HERSHEY, PA. — Higher prices helped offset increases in supply chain costs for The Hershey Co. in the fourth quarter. Strong holiday demand and price increases delivered sales and profit growth, while hikes in sugar, dairy, packaging, labor and shipping costs weighed on margins.
The strong fourth quarter capped a year of double-digit sales and earnings growth for Hershey. Net income in the fiscal year ended Dec. 31, 2021, was $1.48 billion, equal to $7.34 per share on the common stock, up 16% from $1.28 billion, or $6.30 per share, in fiscal 2020. Sales totaled $8.97 billion, up 10% from $8.15 billion in fiscal 2020.
Net income for the three months ended Dec. 31 was $336 million, or $1.67 per share, up from $291 million, or $1.44 per share, in the same period a year ago. Sales for the quarter were $2.33 billion, up from $2.19 billion in the fourth quarter of 2020.
Reflecting how the company has approached acquisitions and product growth in recent years, Hershey is recasting how it reports its financial results. Historically it offered two reportable segments, North America and International/Other. Moving forward, the company will divide its North America business into two segments: North America Confectionery and North America Salty Snacks.
The North America Confectionery segment includes chocolate and nonchocolate confectionery, gum and refreshment products, protein bars, spreads, snack bites and mixes as well as pantry and foodservice lines, while the North America Salty Snacks segment includes ready-to-eat popcorn, baked and trans-fat free snacks, pretzels and other snacks.
For the 12 months ended Dec. 31, operating income in the North America Confectionery segment rose 8.8% to $2.48 billion from $2.27 billion in fiscal 2020. Sales increased 8.5%, to $7.68 billion from $7.08 billion. Operating income for the North America Salty Snacks segment was $101 million, up 33% from $76 million in 2020. Sales increased 27% to $555 million from $438 million.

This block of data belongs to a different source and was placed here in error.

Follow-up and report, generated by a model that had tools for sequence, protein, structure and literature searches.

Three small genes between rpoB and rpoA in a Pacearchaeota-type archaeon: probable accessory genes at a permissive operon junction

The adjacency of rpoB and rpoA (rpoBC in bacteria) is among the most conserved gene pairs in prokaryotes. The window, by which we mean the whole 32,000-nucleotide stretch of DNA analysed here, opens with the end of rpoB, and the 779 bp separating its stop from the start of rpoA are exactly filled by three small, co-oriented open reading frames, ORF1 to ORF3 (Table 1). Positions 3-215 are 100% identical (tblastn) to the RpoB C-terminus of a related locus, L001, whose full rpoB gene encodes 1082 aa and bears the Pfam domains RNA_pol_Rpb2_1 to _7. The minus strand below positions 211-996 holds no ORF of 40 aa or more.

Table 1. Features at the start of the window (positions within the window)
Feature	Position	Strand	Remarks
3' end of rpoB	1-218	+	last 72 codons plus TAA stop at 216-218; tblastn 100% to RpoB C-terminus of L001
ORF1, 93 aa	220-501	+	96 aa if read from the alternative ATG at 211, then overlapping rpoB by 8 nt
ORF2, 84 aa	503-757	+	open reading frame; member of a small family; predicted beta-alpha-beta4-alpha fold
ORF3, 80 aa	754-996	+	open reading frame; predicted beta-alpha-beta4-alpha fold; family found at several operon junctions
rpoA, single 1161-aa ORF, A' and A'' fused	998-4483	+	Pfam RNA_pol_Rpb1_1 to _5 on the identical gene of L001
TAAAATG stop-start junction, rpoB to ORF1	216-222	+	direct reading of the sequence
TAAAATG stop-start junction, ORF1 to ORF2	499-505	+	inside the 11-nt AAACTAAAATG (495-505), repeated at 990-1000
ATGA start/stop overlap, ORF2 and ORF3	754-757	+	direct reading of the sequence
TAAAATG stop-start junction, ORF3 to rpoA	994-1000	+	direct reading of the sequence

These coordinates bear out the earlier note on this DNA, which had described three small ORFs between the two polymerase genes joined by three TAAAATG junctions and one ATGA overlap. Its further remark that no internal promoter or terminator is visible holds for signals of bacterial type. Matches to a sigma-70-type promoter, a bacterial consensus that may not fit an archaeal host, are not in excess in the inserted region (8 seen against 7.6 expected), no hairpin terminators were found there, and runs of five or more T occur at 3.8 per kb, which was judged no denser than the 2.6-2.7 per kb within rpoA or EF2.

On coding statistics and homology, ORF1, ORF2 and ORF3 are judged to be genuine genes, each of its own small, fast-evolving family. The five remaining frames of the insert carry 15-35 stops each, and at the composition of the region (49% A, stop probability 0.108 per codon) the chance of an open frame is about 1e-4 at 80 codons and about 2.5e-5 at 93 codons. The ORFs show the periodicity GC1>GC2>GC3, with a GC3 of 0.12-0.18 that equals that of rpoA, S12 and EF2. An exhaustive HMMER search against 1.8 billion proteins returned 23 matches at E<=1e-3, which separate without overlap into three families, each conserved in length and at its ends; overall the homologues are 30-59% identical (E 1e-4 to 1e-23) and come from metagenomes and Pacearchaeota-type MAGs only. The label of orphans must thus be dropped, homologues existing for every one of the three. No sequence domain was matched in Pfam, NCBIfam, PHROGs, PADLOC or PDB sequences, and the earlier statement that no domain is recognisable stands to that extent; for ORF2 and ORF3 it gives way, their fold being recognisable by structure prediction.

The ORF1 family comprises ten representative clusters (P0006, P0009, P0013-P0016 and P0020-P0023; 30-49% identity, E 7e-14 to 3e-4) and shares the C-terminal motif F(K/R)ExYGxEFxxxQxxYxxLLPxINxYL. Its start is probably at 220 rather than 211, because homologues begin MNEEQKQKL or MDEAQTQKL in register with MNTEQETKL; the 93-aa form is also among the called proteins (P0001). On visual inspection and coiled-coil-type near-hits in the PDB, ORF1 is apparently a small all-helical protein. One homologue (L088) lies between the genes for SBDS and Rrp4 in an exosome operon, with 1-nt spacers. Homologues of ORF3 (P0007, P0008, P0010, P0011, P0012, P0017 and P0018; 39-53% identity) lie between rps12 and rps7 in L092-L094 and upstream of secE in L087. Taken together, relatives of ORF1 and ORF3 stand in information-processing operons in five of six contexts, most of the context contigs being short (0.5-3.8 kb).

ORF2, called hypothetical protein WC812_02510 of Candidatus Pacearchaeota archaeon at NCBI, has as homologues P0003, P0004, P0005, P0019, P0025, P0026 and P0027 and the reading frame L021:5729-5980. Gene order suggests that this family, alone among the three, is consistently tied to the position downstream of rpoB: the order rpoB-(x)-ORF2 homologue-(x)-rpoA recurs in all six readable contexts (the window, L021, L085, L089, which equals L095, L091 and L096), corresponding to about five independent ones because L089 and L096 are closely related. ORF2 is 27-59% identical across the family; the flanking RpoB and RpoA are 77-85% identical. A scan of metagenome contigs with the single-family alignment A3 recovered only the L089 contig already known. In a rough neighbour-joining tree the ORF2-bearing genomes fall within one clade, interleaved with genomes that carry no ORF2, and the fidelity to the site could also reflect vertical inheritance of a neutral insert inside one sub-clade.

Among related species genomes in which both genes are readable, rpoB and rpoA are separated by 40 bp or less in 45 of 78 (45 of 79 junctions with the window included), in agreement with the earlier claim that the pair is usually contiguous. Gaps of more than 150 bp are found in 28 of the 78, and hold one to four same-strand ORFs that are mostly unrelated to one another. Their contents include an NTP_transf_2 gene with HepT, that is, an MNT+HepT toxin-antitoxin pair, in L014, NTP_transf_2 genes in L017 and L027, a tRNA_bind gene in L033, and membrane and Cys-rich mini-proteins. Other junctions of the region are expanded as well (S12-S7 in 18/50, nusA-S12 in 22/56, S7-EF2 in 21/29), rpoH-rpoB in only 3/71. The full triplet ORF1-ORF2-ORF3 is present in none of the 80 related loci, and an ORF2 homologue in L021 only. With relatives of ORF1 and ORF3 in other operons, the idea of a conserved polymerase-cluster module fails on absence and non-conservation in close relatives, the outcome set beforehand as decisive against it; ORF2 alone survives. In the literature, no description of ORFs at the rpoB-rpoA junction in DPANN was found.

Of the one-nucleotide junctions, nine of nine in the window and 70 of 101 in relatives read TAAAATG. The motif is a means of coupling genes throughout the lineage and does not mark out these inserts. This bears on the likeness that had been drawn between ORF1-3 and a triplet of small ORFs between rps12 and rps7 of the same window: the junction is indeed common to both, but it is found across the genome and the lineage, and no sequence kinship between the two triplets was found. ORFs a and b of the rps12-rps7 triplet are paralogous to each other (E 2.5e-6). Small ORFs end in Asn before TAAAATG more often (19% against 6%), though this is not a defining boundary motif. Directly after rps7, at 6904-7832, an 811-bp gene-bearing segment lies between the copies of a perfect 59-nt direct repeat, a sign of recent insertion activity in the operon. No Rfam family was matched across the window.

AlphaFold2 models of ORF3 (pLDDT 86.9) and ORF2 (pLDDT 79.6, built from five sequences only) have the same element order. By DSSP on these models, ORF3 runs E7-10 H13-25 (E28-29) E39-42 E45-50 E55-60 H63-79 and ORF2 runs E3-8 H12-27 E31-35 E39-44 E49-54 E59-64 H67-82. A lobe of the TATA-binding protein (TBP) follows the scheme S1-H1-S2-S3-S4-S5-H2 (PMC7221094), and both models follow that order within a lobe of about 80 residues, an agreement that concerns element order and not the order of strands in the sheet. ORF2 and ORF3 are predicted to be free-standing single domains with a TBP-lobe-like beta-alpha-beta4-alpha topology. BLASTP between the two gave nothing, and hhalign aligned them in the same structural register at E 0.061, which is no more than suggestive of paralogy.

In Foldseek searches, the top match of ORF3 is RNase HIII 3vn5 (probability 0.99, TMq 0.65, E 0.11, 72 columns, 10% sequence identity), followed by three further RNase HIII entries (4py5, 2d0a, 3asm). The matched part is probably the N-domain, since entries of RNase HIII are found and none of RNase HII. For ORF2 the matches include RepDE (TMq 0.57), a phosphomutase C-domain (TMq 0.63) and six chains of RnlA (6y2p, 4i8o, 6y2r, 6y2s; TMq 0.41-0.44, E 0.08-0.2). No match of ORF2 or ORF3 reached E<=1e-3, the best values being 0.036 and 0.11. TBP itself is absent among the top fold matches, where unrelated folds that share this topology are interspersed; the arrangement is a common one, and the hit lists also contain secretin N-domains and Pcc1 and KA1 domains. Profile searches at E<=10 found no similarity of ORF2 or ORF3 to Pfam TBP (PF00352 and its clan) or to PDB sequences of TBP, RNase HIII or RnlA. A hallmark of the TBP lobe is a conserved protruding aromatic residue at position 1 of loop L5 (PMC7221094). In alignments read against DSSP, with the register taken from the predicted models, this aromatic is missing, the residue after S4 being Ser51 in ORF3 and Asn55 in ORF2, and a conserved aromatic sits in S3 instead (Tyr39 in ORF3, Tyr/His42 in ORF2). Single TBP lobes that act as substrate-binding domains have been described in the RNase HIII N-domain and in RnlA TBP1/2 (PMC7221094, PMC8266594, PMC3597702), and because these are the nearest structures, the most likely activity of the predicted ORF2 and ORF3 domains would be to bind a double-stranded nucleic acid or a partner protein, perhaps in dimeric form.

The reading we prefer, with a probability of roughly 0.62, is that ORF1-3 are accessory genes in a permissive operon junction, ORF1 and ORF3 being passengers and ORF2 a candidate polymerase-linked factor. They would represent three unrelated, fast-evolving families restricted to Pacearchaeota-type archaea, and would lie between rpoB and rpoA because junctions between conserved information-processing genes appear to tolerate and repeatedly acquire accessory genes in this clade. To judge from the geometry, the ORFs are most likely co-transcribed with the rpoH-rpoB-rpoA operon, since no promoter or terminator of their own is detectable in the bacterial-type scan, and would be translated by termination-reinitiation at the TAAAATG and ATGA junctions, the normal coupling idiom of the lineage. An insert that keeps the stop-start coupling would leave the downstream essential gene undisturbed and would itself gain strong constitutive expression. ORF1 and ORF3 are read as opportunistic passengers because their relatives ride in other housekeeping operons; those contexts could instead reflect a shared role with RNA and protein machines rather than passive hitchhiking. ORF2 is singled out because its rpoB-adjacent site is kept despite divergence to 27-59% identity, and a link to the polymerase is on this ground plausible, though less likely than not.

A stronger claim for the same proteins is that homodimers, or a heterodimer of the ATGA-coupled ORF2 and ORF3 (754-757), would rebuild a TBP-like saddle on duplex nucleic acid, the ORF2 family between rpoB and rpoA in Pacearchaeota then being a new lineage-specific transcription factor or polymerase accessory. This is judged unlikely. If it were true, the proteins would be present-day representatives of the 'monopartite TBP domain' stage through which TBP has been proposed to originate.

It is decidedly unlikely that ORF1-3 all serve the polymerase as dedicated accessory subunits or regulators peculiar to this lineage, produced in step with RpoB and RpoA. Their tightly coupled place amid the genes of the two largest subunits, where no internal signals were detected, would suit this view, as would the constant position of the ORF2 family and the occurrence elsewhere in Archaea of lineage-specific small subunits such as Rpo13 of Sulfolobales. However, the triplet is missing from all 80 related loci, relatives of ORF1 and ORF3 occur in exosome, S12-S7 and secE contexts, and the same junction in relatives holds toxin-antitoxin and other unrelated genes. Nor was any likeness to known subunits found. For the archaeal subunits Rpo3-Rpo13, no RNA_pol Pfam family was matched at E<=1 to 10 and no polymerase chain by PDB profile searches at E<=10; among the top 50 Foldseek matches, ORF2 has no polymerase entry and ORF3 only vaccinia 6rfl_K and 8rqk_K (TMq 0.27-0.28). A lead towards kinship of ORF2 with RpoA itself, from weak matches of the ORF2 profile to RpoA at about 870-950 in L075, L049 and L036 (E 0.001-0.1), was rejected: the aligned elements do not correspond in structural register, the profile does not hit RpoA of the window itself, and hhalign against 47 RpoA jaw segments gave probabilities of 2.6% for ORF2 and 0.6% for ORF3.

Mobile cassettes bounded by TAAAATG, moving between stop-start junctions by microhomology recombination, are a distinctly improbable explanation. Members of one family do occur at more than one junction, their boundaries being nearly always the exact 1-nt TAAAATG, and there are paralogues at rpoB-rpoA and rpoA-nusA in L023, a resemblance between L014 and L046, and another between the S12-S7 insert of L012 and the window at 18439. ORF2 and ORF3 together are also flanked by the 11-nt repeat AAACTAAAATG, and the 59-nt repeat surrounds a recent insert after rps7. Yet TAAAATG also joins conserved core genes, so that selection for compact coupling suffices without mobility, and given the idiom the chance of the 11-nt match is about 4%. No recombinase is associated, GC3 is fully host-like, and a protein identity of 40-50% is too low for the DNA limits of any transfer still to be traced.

Pricing remains the main lever driving growth across both segments as the company struggles to keep pace with consumer demand.
“Consumers spending more time at home has clearly benefited some of our brands and categories, because they're around their homes more to consume our products, and our products are more eaten in those types of environments,” said Michele G. Buck, president and chief executive officer of The Hershey Co., during a Feb. 3 conference call with analysts.
Hershey has focused on optimizing demand, getting the most out of existing capacity by reducing complexity and changeovers and prioritizing high velocity stock-keeping units. The company also has invested in new manufacturing lines, added a new distribution center and expanded its labor force.
Still, executives at the company expect capacity constraints will continue in the year ahead.
“Today, we don’t have enough capacity to meet all consumer demand,” said Steven E. Voskuil, senior vice president and chief financial officer at Hershey. “We’ve had four manufacturing lines come online in 2021. We have more in Reese’s, Payday and Jolly Rancher gummies that will come online in 2022, but even with that, we feel like we’re behind.”
The company plans to invest between $550 million and $600 million in the year ahead, including in labor and supply chain capacity. Those investments partially will be offset by list price increases across all segments in fiscal 2022. While Hershey has successfully executed price increases in the past, Ms. Buck told analysts the company will keep a close eye on the impact of broad inflation on consumers. Other potential headwinds include reductions in government stimulus and SNAP benefits.
“We think historical price elasticity is a smart and prudent planning move for us,” she said. “We’re not a category where there’s a big private label component and people can easily say, ‘I’m going to still participate but switch to lower brands.’ That’s always been a benefit for us during times like this, but we do understand the pressure consumers are under.”Hershey forecast full-year 2022 sales growth between 8% and 10%. The company expects full-year adjusted earnings per share growth of 9% to 11%.